“Those experiences have a profound impact on my way of thinking,” said Le Roy. “And I see we have a very big challenge in our country in helping people prepare for the very competitive global economy.
“I’m concerned in this country of a lack of engagement in science, technology and mathematics. I would like to see more of these studies challenge students by navigating them in another culture.”
That’s the thing Le Roy has learned about challenge: Don’t shirk from it even if it seems a bit daunting at first.
“I think it’s circumstances put before you that shape and push your faith further than you can go,” he said. “I find those moments to be invigorating and exciting, even if it’s a little daunting.
“A challenge can put you in a posture of humility and openness to learn. I don’t see it as a challenge if it’s something that comes your way and you say, ‘I know what to do here.’”
As to West Michigan’s culture, he sees it as a collaborative incubator for raising families and harboring a pro-business climate. “I think it’s a very spirited, positive, can-do culture that’s good for businesses and family life,” he said.
The cost to attend Calvin currently is $26,480 for tuition and $9,110 for room and board, for a first-year total of $35,950. With 90 percent of Calvin’s students receiving financial aid amid a state system of declining subsidies, Le Roy acknowledges those who consider attending Calvin have an “important aspect of consideration.”
He considers it worth the cost. “With a private, higher education, as long as they didn’t change majors late in the game, they have a higher chance of finishing their major,” said Le Roy. “Our retention success and completion rates quantify our financial cost.”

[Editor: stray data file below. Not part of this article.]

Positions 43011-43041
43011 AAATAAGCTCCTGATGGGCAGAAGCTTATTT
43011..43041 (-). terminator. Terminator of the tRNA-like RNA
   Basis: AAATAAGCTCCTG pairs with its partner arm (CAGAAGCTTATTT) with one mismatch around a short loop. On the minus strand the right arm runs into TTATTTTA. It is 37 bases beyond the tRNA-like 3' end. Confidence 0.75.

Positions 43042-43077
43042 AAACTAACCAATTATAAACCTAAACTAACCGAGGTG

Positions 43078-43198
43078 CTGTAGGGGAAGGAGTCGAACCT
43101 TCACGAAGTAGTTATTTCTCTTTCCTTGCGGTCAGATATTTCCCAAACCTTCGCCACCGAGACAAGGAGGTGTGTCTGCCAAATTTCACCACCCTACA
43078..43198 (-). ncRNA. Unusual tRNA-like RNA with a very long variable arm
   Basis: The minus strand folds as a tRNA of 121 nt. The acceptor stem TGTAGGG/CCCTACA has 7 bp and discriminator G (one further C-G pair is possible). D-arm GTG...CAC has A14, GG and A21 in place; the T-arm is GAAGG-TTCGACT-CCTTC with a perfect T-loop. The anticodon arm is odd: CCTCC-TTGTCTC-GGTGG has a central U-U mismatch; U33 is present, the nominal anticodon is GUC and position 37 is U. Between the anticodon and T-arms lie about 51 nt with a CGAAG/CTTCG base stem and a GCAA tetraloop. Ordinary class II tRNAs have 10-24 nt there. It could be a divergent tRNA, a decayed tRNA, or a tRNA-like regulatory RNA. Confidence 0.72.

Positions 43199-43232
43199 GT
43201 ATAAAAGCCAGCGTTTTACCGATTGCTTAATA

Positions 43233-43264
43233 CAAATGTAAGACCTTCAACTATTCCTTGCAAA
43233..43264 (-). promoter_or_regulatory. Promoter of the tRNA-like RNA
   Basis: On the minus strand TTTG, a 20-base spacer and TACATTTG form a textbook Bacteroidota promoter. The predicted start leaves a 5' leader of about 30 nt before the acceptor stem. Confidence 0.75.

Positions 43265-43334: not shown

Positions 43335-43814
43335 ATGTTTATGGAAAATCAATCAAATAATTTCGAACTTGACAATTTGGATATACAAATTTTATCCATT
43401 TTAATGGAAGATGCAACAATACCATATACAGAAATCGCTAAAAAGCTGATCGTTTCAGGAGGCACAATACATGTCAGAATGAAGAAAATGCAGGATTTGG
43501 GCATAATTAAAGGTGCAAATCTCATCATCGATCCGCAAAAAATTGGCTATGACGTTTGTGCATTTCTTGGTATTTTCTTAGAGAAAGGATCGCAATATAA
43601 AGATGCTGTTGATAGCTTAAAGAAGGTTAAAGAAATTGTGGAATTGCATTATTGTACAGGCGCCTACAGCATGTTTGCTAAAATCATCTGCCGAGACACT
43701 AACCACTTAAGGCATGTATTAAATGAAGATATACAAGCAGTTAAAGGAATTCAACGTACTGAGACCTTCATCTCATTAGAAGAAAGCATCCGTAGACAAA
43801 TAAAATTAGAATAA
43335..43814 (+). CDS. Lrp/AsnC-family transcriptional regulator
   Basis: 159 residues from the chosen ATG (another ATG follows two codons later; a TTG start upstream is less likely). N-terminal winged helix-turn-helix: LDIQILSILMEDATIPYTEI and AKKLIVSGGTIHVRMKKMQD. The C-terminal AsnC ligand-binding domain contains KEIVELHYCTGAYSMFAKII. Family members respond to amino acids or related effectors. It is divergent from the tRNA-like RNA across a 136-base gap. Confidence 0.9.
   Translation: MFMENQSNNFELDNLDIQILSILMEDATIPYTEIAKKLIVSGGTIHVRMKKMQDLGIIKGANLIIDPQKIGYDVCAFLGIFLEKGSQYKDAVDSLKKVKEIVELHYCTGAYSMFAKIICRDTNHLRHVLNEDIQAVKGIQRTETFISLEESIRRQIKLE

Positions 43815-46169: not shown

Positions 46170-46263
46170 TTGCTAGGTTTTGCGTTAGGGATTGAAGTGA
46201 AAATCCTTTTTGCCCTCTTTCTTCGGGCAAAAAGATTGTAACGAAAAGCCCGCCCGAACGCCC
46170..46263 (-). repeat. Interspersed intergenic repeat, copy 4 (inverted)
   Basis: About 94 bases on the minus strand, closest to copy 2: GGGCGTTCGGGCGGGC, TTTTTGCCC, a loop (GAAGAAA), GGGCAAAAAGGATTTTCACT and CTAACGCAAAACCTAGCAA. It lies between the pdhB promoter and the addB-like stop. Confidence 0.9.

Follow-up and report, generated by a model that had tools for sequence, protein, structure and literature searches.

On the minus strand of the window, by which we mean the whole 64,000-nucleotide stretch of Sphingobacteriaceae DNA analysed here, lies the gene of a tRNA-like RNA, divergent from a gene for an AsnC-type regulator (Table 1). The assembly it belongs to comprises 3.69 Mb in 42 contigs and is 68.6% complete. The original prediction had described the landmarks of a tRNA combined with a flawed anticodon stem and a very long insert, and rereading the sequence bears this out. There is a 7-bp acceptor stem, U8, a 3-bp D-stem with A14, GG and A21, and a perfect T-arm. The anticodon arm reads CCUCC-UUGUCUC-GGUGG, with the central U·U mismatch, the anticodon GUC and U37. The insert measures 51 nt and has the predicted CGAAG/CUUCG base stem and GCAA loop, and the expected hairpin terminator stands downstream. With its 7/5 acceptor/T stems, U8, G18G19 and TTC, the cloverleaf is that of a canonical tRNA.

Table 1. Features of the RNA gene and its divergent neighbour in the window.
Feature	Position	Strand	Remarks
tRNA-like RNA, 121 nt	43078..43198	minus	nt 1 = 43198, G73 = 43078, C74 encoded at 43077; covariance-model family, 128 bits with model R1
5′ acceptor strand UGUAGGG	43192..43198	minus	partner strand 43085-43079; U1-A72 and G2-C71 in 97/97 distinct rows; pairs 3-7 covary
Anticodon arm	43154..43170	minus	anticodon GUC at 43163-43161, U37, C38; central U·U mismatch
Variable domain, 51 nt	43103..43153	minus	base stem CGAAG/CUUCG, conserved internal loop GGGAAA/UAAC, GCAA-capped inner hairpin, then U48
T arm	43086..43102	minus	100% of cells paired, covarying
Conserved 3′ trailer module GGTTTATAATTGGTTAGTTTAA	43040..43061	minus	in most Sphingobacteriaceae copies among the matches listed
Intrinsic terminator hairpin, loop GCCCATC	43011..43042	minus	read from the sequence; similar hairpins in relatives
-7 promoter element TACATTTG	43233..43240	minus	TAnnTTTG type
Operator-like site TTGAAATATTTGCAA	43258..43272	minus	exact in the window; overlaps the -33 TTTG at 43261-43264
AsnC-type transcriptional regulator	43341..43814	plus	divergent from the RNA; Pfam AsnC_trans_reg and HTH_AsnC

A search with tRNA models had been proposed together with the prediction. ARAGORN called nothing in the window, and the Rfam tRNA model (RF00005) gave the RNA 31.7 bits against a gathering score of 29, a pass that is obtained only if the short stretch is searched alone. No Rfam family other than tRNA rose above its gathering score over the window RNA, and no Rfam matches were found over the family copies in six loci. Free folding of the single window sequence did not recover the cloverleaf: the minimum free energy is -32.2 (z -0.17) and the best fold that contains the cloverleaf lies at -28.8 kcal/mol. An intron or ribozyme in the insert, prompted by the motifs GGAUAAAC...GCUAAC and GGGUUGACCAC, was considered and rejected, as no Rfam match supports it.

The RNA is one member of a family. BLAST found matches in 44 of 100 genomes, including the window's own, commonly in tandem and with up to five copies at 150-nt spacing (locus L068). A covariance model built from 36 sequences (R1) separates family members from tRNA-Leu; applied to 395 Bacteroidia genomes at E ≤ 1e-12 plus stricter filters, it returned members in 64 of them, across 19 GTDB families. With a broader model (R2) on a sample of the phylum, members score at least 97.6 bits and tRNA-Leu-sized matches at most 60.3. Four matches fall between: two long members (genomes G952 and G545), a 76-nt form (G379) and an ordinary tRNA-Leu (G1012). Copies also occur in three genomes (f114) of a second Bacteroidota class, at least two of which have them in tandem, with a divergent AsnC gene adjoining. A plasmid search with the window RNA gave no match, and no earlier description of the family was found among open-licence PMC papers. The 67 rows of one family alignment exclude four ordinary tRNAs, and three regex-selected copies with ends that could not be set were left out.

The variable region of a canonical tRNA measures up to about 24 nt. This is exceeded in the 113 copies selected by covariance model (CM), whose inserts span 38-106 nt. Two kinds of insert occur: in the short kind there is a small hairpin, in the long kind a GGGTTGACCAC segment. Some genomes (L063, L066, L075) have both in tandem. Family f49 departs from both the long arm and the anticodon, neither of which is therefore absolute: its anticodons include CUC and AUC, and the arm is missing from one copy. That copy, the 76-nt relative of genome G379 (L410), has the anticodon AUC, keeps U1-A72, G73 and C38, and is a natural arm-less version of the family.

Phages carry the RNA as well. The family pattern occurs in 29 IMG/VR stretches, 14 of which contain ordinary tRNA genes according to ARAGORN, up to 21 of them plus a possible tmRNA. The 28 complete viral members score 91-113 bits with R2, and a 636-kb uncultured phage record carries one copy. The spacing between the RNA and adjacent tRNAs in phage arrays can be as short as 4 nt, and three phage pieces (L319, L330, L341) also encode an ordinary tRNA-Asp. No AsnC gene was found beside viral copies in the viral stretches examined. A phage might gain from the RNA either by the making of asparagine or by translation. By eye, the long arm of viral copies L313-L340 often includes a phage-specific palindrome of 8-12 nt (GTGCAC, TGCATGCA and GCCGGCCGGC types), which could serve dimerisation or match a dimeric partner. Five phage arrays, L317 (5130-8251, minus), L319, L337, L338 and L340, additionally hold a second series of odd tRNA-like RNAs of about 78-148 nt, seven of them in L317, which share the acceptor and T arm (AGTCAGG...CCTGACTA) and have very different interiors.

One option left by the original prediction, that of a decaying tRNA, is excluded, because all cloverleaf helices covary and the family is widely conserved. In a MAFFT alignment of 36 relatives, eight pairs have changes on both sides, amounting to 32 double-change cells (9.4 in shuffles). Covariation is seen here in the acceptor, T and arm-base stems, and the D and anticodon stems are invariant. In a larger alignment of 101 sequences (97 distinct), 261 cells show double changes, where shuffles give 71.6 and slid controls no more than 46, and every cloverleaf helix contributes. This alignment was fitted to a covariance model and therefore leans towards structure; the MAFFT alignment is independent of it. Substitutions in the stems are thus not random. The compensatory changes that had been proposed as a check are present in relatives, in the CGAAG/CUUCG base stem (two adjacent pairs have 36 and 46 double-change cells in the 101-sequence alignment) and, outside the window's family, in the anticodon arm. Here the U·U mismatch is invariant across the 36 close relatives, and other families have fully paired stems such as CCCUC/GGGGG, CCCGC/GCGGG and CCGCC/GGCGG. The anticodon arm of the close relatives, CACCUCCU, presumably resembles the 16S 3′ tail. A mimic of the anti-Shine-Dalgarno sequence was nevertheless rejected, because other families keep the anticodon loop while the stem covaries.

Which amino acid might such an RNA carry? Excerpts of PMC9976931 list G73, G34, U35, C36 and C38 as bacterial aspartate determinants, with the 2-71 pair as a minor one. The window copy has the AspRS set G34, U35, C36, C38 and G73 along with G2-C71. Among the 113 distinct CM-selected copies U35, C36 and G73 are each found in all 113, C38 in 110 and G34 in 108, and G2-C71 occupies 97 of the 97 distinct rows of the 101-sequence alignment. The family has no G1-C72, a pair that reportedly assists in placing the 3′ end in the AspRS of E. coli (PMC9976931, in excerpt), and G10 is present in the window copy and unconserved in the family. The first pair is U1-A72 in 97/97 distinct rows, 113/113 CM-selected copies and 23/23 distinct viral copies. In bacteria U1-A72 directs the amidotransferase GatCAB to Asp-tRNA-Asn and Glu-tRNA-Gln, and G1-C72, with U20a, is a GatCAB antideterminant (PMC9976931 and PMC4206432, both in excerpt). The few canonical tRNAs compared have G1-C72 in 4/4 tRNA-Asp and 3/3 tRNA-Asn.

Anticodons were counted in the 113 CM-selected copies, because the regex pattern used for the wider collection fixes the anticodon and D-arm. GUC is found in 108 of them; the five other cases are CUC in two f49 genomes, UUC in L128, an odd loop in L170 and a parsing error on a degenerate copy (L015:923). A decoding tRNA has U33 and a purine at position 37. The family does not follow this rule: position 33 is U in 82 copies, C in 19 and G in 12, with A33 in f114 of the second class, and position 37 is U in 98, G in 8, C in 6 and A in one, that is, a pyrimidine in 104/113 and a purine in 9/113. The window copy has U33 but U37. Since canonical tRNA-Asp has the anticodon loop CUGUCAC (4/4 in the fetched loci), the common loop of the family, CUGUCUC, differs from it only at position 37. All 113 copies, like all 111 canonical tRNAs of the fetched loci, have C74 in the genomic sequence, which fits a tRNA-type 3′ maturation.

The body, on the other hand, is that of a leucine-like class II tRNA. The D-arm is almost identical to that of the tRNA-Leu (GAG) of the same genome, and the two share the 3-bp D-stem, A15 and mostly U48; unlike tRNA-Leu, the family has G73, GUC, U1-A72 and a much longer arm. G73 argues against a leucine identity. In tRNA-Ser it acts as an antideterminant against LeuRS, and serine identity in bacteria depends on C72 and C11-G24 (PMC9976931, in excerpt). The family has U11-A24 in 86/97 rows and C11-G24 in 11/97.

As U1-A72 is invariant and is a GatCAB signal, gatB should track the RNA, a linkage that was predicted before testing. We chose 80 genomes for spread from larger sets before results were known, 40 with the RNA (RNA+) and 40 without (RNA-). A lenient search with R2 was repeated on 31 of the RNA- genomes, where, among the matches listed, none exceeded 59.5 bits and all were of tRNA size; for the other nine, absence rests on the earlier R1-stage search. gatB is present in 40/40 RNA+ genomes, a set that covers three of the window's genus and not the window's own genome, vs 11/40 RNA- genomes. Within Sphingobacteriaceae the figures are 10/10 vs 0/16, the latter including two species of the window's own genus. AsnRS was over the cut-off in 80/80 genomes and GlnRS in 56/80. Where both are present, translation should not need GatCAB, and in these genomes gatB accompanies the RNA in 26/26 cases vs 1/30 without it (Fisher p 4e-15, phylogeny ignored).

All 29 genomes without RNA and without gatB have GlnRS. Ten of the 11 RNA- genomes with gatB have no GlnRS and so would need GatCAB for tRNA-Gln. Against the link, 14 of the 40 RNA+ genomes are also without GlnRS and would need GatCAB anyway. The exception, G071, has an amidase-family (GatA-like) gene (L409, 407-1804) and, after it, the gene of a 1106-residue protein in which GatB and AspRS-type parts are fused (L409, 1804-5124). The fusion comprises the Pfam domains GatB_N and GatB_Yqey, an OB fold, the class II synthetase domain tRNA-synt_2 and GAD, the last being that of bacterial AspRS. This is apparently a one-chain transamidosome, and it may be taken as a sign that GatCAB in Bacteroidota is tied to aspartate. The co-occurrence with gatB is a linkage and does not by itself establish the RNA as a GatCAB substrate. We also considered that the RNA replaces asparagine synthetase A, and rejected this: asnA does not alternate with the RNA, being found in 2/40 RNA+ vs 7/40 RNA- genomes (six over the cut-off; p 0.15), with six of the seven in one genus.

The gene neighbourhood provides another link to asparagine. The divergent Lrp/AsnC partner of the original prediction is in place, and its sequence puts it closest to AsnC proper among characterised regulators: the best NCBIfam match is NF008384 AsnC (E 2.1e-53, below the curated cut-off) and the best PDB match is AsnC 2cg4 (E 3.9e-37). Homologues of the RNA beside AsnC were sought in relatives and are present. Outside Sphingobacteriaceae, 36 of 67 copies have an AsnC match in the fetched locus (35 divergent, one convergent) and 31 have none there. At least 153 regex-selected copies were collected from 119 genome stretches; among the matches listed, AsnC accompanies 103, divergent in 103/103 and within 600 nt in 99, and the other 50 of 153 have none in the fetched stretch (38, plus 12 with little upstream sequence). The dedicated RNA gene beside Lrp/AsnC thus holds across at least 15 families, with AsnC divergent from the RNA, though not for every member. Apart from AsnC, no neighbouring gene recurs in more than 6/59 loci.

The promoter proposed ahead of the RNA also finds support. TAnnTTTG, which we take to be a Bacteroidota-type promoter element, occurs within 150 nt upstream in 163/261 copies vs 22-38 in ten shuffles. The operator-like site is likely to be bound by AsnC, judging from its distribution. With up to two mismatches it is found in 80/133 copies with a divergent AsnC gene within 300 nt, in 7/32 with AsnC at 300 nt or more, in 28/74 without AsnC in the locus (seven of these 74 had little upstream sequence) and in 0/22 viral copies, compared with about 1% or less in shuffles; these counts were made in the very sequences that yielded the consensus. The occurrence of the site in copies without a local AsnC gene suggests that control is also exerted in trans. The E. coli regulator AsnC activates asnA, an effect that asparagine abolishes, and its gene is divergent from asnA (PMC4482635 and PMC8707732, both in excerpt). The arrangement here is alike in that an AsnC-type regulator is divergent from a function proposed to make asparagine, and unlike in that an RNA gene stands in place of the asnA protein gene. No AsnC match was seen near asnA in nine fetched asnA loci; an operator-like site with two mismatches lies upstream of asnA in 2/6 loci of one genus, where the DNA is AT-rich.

Le Roy counts several people as prime influencers in his life, but after thinking about it a little more, he credits Whitworth University’s president (now emeritus) Bill Robinson for hiring him as provost. “He’s a phenomenal leader and thinker,” said Le Roy. “I learned a lot of significant lessons of leadership from him.”
Some of those lessons are culled from the Bible, such as how Jesus led a team of divergent people, told them the truth with grace and, in particular, how he dwelled among the people, not above or below them. “For me that means not sitting behind a big desk or a table,” said Le Roy.
His first summer job was anything but a desk job. He was 15, working for a contractor who hired him to jackhammer concrete and haul it away. He was one of five hired to do the same backbreaking job. By Friday, the only one left was Le Roy, who stayed on for the remainder of the summer.
His boss happened to have a master’s in English and was as comfortable playing recordings of Geoffrey Chaucer’s “Canterbury Tales” as he was cranking the strains of Dire Straits.
“He was the first person who treated me like a peer, who taught me how to use tools and took me seriously,” said Le Roy.
As Calvin’s new president, Le Roy is taking the next steps in his life seriously, as well.
“What I want to be is obedient to what Christ is calling me to do,” he said. “In many ways, I’m more aware of that when I’m not obedient. At the end of my life, I’d like people to say, ‘He tried to follow Christ, he cared for his family and he cared for his community.’
“It’s not about position. It’s not about privilege. As soon as it is, it’s probably time for me to stop.”